The causes of seabird bycatch in longline and trawl fisheries are relatively well known, and solutions exist that reduce the mortality in these fisheries. In small scale fisheries, such as purse seine and gillnet fleets, we are still identifying the way in which seabirds interact with fishing gear. This process will lead to a better understanding of where and how mortality occurs. Only once we have identified these factors can we look at potential solutions to prevent this mortality. 

As part of this process the Albatross Task Force in Chile is participating in a project led by the Universidad Católica del Norte and funded by the Subsecretaria de Pesca. The project goal is to determine the impact of small scale fisheries on the marine environment and will include fishing fleets along the coast of Chile from Arica in the north to Puerto Montt in the south. This project involves both on shore interviews with fishing captains and at sea monitoring in the main fisheries.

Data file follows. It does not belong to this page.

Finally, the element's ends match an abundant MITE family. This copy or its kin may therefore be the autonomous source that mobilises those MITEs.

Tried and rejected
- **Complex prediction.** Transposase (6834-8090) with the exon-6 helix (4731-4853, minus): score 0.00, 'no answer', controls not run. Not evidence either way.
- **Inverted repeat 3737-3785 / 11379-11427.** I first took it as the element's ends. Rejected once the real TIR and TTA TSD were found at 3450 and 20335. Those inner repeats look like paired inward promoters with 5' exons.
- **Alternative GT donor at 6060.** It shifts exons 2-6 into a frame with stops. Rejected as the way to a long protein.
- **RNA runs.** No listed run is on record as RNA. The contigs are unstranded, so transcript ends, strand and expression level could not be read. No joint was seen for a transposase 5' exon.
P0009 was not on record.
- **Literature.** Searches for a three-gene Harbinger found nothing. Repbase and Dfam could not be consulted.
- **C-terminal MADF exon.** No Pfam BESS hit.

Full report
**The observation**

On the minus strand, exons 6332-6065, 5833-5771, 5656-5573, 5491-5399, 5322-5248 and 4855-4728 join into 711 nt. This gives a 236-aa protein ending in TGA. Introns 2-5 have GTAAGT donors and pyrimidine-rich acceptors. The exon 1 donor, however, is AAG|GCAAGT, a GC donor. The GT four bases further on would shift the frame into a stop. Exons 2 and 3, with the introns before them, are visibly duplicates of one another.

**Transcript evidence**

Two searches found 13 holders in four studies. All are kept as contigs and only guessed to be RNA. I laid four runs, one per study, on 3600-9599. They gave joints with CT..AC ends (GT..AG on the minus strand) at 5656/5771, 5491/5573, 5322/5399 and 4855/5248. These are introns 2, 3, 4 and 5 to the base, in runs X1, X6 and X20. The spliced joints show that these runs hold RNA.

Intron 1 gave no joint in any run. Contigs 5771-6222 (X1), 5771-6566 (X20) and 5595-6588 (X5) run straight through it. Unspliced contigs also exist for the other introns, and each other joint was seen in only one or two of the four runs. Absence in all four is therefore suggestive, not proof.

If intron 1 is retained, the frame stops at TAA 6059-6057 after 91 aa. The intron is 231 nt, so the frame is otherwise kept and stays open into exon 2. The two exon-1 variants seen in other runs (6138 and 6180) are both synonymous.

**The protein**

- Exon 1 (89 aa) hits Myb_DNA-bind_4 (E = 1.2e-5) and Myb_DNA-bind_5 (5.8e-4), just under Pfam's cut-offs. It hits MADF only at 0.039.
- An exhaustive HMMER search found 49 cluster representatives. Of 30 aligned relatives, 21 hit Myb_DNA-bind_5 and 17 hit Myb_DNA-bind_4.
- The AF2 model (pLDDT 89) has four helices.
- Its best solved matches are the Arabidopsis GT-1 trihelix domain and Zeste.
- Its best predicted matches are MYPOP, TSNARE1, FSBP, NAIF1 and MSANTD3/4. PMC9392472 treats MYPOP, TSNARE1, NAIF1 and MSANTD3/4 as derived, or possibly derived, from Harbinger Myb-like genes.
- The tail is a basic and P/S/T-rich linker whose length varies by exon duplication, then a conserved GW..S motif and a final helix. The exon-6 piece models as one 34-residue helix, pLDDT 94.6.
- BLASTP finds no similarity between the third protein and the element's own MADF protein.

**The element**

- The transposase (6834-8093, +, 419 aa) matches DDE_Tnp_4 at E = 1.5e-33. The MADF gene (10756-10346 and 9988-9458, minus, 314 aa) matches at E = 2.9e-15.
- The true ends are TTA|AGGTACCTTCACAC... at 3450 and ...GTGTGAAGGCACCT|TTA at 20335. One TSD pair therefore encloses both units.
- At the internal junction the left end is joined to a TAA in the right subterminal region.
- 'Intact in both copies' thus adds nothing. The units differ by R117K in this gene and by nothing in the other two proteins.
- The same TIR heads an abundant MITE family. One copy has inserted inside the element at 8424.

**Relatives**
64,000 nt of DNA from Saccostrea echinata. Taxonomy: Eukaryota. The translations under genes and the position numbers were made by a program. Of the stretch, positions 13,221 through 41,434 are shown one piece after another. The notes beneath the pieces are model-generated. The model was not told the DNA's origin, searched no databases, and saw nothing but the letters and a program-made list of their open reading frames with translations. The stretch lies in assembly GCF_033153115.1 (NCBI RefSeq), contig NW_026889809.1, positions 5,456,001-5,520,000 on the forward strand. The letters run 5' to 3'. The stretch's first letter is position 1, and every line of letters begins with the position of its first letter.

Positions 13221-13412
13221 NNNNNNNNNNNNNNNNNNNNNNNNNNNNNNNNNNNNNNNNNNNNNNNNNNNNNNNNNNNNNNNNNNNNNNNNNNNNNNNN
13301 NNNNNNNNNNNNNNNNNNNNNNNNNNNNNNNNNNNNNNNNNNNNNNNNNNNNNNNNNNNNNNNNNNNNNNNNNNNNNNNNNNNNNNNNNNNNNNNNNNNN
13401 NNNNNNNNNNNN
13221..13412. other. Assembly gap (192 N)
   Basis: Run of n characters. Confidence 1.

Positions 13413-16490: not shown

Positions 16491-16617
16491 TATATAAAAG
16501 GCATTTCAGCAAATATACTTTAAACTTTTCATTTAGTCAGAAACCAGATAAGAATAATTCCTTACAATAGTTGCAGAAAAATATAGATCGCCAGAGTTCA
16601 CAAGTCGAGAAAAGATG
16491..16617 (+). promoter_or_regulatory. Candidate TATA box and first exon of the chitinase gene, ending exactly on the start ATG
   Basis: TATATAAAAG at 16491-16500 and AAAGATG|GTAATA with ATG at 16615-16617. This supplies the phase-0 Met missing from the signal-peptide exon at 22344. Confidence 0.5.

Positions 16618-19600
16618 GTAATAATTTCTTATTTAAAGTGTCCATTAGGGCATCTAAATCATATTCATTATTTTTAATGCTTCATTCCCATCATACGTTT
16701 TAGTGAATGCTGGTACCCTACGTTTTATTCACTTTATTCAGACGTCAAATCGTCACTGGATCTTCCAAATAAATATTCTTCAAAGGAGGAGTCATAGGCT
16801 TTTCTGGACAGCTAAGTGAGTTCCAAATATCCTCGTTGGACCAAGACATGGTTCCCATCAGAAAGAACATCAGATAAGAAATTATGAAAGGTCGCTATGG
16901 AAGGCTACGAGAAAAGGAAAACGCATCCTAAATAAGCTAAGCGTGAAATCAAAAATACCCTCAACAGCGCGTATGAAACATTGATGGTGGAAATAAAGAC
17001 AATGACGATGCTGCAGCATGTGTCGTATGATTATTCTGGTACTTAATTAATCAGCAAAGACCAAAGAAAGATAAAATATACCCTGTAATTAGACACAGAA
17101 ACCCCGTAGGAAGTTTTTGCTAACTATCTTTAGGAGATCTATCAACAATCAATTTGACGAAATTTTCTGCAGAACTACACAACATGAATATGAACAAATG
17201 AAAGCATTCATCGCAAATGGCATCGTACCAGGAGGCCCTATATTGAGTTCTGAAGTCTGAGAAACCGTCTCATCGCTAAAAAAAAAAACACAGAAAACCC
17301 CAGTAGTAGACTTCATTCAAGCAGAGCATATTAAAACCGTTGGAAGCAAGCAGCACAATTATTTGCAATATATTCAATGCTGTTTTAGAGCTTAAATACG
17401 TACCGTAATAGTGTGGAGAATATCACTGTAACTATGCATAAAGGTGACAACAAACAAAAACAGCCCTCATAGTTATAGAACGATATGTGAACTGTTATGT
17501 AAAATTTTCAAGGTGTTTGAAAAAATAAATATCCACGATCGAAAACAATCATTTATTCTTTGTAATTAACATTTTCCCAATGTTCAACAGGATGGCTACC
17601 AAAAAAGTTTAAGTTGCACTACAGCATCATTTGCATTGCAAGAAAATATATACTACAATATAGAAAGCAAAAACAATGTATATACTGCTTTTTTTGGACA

Last month a group of twelve participants began the project in earnest with the first at sea trips and port visits. The reaction from the fishing industry has been very positive and supportive so far, with a high level of collaboration allowing the team to join the crew for sea trips and providing long and detailed answers to questionnaires in the ports.  The project will continue for twelve months, ending in a series of workshops with industry to reveal the results of the study and discuss possible solutions. 

Below: Paulina Arce conducts a port questionnaire. Photo Maximiliano Daigre 

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